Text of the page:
Spring 2014 – Summer 2015

540 Days of Agile

Establishing a new design scrum team in a big organization can be challenging. Working closely with different stakeholders and understanding their perspectives helped us continually improve our process.
Establishing a new design scrum team in a big organization can be challenging. Working closely with different stakeholders and understanding their perspectives helped us continually improve our process.

My role

I teamed up with a project manager to create scrum design team. As the design lead and scrum master, I led a team of 3 in-house designers, 7 agency designers and developers through all phases of the design process.

Our goals were to deliver a quality design fast to market and iterate design based on test and learn. While focusing my time on shipping quality design work, I also worked with the product and feature owners to create and prioritize user stories.

It’s also important to stay nimble and constantly experiment different ways to streamline workflow, in order to efficiently support our scrum teams and ship great products.

Process refinement workshops; Organization share-outs of scrum team structure and workflow; Tools we created to help the team to work more efficiently.

Shipped 143 user stories

During our first year and a half in agile, we completed and shipped 143 user stories, ranging from small to medium size product enhancements including simple content updates, bugs fixes, feature updates to improving the existing UI and interaction design. This scrum design work stream enables us to accomplish business goals while improving usability and extending our product value.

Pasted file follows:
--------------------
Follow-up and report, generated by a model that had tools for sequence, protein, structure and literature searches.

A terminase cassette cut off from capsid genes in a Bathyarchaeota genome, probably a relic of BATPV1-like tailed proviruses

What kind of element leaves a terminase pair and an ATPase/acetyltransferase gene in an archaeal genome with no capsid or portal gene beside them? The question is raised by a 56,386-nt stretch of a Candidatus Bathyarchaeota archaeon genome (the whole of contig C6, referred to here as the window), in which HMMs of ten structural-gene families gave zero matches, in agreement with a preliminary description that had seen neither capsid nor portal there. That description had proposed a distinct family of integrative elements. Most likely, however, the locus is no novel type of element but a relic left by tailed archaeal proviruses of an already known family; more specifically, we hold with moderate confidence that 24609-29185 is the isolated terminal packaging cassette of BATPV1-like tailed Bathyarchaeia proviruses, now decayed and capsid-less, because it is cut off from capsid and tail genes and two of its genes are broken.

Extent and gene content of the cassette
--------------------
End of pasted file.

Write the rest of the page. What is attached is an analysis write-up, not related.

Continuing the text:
Account Dashboard redesign to support self service and decrease customer service call volume of account balance inquiry

Make great things, not decks

At the beginning, we produced a lot of decks to convey our concepts to our stakeholders; however, we learned that formal decks and presentation isn’t effective in the agile environment, as things move quickly and no one has time to sit through a presentation. They would rather look at the design recommendations, make a decision and move on to the next thing. Moving away from formal documentation, we can focus more on making things to solve the design problems.

The Impacts

The work we shipped helped to increase customer engagement and decrease call volume, driving down our operational cost. We also contributed in the achievement of the 2014 company goal, to improve customer satisfaction rating.